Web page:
The grant is directed toward low-income Hispanic students that are interested in careers in math and sciences at SAC.
“The whole idea is to increase the number of students with majors that fall under the STEM program, and to help them transfer or get degrees involving STEM majors,” said Steve Bautista who is a counselor, instructor and coordinator at the Center for Teacher Education.
Bautista said the grant would provide students counseling and offer them hands on experience in various fields of study, ranging from mathematics to engineering.
The Tessmann Planetarium at SAC is also enjoying success of its own.
STEM and SAC student Patricia Sullivan was recently selected as a National Community College Aerospace Scholar and will travel to NASA’s Marshall Space Flight Center to design and create a rover.
“Patricia has forged a bond between NASA and our college,” said Bob Menn, coordinator and program director at the planetarium. “It’s amazing what she has accomplished.”
The planetarium offers shows appealing to all age groups.
These include virtual tours of the universe that help explain the concept of outer space.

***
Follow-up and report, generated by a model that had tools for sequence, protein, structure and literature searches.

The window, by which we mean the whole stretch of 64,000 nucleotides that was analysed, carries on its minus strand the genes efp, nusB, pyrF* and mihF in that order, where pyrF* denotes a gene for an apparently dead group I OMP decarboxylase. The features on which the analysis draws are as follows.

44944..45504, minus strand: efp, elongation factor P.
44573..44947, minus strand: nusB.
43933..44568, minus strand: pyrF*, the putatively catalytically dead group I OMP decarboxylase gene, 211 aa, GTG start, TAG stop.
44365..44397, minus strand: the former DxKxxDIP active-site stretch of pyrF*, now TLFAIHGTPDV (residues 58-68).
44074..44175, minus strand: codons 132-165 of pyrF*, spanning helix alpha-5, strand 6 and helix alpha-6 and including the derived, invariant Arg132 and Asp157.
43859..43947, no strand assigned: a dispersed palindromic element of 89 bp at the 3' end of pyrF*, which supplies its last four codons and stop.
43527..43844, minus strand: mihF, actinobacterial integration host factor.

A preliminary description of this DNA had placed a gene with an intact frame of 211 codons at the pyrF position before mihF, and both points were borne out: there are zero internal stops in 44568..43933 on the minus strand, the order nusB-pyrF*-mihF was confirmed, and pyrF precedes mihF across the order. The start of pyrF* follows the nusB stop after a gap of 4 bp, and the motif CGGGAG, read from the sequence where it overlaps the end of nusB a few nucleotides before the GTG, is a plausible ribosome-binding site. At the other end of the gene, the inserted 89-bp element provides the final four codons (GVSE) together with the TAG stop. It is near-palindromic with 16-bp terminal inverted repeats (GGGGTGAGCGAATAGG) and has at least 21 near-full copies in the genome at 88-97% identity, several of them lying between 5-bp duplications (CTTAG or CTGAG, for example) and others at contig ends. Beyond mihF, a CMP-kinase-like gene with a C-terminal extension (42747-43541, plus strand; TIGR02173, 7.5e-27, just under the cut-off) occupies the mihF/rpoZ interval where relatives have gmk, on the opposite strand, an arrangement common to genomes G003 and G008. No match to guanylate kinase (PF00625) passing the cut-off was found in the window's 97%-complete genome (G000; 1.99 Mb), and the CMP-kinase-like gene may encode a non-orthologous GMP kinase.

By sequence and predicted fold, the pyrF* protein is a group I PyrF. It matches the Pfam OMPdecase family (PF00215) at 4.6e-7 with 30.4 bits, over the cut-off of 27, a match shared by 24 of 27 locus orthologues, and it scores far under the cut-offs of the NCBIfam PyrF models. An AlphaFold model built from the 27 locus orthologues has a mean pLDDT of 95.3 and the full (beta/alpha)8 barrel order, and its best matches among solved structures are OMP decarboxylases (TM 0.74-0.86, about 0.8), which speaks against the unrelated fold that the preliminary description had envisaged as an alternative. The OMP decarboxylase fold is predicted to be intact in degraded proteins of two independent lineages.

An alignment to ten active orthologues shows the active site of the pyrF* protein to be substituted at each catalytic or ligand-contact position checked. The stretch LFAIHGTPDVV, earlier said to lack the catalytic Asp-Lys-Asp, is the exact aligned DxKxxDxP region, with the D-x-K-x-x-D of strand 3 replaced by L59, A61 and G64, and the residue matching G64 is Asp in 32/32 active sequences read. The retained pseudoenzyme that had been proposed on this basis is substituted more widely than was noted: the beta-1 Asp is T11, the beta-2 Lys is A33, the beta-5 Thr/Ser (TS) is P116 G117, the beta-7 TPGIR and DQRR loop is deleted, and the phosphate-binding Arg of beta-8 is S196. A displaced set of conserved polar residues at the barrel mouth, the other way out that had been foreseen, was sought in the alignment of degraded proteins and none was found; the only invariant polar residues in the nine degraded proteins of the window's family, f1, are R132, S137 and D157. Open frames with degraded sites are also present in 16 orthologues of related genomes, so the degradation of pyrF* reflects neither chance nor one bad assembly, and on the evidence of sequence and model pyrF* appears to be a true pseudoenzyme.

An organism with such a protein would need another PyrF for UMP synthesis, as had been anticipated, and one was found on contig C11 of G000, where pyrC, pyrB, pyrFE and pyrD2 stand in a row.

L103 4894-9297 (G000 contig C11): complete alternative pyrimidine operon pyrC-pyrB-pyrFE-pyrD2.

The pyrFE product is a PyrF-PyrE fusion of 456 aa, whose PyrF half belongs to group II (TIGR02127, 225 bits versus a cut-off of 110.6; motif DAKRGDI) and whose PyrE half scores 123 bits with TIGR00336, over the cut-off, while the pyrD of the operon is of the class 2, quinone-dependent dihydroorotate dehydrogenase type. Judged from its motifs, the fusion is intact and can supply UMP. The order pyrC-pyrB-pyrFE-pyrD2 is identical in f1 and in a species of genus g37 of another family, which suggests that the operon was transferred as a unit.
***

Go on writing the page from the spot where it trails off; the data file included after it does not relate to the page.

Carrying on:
Menn said the shows are fun as well as informative, and have the power to leave an imprint on children’s lives.
“The shows leave a huge impression on kids. Sometimes we receive letters from kids informing us how much fun they had,” said Menn. “I once received a letter from a kid saying that seeing the show made him want to go to college.”
The planetarium staff encourages students in STEM fields to see some of the presentations. “I see students during break outside just talking to each other. Instead of talking, they should make use of that hour and come to the planetarium to learn something,” said Menn.
Admission for SAC students and staff is free. Otherwise, morning shows cost $5. Evening shows cost $6.